evolutionary psychology


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evolutionary psychology

n.
The branch of psychology in which aspects of brain structure, cognition, and behavior are interpreted as evolutionary adaptations to the physical or social environment.
References in periodicals archive ?
The concept of monetary calculation helps to explain a puzzle that is raised by the burgeoning discipline of evolutionary psychology when it turns to explain the modern world.
Given that the potential convergence between Evolutionary Psychology and implicit learning does not adjust to any of the aforementioned models, we consider it as a special case of integration.
Unlike neuropsychology or clinical psychology, evolutionary psychology is not a specialized subfield in psychology; rather it represents the viewpoint that functional aspects of the mind such as consciousness and emotion have evolved by natural selection, that is, in a way that best insures reproductive success.
One wonders if such a synthesis is now possible between the discoveries of behavioral analysis and the insights of evolutionary psychology.
Cosmides L and Tooby J, Evolutionary Psychology: A Primer, Santa Barbara, CA: Center for Evolutionary Psychology, University of California, Santa Barbara, 1997, <http://www.
The idea of EEA is a key concept of evolutionary psychology and an indispensable background to Professor Rubin's arguments.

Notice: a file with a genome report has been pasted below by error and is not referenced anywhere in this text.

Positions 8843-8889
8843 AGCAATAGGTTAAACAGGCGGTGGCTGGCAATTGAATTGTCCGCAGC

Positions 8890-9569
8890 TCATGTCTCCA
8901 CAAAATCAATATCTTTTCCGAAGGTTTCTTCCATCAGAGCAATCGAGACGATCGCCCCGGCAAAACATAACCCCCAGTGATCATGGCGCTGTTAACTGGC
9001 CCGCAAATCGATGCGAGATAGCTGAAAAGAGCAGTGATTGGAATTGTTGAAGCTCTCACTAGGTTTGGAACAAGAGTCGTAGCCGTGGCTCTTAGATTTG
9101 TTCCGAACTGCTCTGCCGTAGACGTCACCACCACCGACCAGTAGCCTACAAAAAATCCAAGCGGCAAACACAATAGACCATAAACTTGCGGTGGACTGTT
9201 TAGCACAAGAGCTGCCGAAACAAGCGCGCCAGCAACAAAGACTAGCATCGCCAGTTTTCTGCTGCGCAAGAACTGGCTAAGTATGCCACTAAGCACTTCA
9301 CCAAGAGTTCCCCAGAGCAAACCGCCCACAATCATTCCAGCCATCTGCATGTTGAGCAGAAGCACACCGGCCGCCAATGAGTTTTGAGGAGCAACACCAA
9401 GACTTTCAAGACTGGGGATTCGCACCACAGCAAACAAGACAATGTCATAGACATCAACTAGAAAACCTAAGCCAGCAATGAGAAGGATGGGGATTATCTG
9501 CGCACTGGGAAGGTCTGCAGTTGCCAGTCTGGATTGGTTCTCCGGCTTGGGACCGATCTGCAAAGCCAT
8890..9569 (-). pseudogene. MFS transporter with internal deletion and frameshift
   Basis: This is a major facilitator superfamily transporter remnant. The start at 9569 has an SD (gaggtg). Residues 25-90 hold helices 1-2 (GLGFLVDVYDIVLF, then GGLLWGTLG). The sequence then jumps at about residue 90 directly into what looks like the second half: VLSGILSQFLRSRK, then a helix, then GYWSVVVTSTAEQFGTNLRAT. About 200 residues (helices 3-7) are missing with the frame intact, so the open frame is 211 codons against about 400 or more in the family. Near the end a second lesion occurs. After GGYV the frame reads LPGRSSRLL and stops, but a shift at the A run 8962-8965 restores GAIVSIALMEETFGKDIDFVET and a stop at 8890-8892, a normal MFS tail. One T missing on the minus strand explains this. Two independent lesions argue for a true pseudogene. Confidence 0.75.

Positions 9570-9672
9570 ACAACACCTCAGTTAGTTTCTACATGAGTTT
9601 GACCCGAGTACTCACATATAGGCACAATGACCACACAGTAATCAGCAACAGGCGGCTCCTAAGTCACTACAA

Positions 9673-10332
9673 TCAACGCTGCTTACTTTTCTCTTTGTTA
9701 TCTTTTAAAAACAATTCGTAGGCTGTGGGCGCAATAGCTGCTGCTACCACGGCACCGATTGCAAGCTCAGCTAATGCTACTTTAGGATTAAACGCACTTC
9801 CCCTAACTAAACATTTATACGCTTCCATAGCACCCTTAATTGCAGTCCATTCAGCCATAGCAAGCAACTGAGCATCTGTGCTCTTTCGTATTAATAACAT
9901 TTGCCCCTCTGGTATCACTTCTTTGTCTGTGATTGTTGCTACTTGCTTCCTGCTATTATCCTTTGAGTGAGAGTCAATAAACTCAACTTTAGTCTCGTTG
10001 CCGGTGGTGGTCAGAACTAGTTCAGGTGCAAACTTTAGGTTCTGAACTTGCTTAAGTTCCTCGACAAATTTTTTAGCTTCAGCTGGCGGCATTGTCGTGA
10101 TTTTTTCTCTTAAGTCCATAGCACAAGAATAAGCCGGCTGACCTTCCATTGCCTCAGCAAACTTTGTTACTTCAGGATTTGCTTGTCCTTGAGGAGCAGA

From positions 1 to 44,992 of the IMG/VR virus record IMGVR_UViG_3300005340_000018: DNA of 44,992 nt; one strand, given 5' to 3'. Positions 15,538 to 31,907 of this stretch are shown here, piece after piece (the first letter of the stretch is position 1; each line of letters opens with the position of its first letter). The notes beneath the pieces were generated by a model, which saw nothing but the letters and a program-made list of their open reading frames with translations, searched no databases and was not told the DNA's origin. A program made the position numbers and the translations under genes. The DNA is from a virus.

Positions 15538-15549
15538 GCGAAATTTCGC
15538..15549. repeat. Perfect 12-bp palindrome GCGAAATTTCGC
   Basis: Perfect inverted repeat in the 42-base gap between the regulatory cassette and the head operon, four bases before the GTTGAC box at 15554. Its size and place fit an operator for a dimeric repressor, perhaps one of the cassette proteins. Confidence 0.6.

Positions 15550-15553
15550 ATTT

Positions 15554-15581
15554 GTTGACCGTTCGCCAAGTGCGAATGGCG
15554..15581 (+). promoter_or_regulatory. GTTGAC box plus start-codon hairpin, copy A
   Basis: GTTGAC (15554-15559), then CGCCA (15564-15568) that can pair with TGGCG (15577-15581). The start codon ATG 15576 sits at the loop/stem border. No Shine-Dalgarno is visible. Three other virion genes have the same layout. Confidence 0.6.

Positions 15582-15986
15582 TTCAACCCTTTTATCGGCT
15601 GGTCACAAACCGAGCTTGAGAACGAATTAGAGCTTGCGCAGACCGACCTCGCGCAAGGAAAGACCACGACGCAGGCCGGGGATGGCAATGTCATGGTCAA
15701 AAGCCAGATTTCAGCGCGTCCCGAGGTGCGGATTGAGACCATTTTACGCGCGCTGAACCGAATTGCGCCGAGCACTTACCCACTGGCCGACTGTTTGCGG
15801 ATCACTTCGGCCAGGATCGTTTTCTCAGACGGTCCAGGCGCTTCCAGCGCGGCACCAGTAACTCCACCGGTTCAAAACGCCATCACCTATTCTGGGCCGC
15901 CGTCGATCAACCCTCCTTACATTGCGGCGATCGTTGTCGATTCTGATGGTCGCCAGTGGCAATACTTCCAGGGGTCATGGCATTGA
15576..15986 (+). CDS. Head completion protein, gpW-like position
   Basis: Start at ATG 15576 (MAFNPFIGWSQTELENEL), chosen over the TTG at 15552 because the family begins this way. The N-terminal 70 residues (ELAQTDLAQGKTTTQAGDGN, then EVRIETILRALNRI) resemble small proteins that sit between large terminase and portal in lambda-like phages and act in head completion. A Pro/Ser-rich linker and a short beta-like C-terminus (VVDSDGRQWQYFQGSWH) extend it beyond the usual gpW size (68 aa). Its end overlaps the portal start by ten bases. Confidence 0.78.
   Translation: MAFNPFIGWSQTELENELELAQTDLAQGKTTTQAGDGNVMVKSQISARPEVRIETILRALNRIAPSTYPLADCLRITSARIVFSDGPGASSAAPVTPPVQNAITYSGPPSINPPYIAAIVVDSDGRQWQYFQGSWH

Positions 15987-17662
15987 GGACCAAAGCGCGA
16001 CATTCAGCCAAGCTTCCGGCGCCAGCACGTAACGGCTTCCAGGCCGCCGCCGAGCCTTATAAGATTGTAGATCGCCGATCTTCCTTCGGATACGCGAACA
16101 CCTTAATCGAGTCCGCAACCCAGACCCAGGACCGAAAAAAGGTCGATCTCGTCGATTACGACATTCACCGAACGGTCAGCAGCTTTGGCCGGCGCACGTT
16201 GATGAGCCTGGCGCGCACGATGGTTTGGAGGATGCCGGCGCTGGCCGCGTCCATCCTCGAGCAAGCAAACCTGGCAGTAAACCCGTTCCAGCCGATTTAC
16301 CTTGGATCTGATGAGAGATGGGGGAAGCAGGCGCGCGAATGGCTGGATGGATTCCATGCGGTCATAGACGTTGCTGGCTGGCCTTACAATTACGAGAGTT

Rubin brings the power, as well as the limitations, of evolutionary psychology and sociobiology to bear on explaining why modern institutions look as they do.
This essay applies an evolutionary psychology model to an analysis of homicide in Chicago from 1875 to 1920.
Evolutionary psychology addresses the shared characteristics of the human species: what unites us all, irrespective of race or culture--exactly the opposite of what a race-based inquiry into our biological roots would attempt to discover.
Evolutionary psychology suggests that natural selection shaped the pattern of our desires during the Paleolithic era, with human paleontology evidencing that parental care, for instance, played as central a role in the lives of our Paleolithic ancestors as it does for us today (Arnhart, 1998, p.
We begin Part I with the work of Mary Stewart Van Leeuwen entitled "Of Hoggamus and Hogwash: Evolutionary Psychology and Gender Relations.
The field of evolutionary psychology envisages that the candidates passed over for a promotion will have instinctive and predictable responses that affect their performance.
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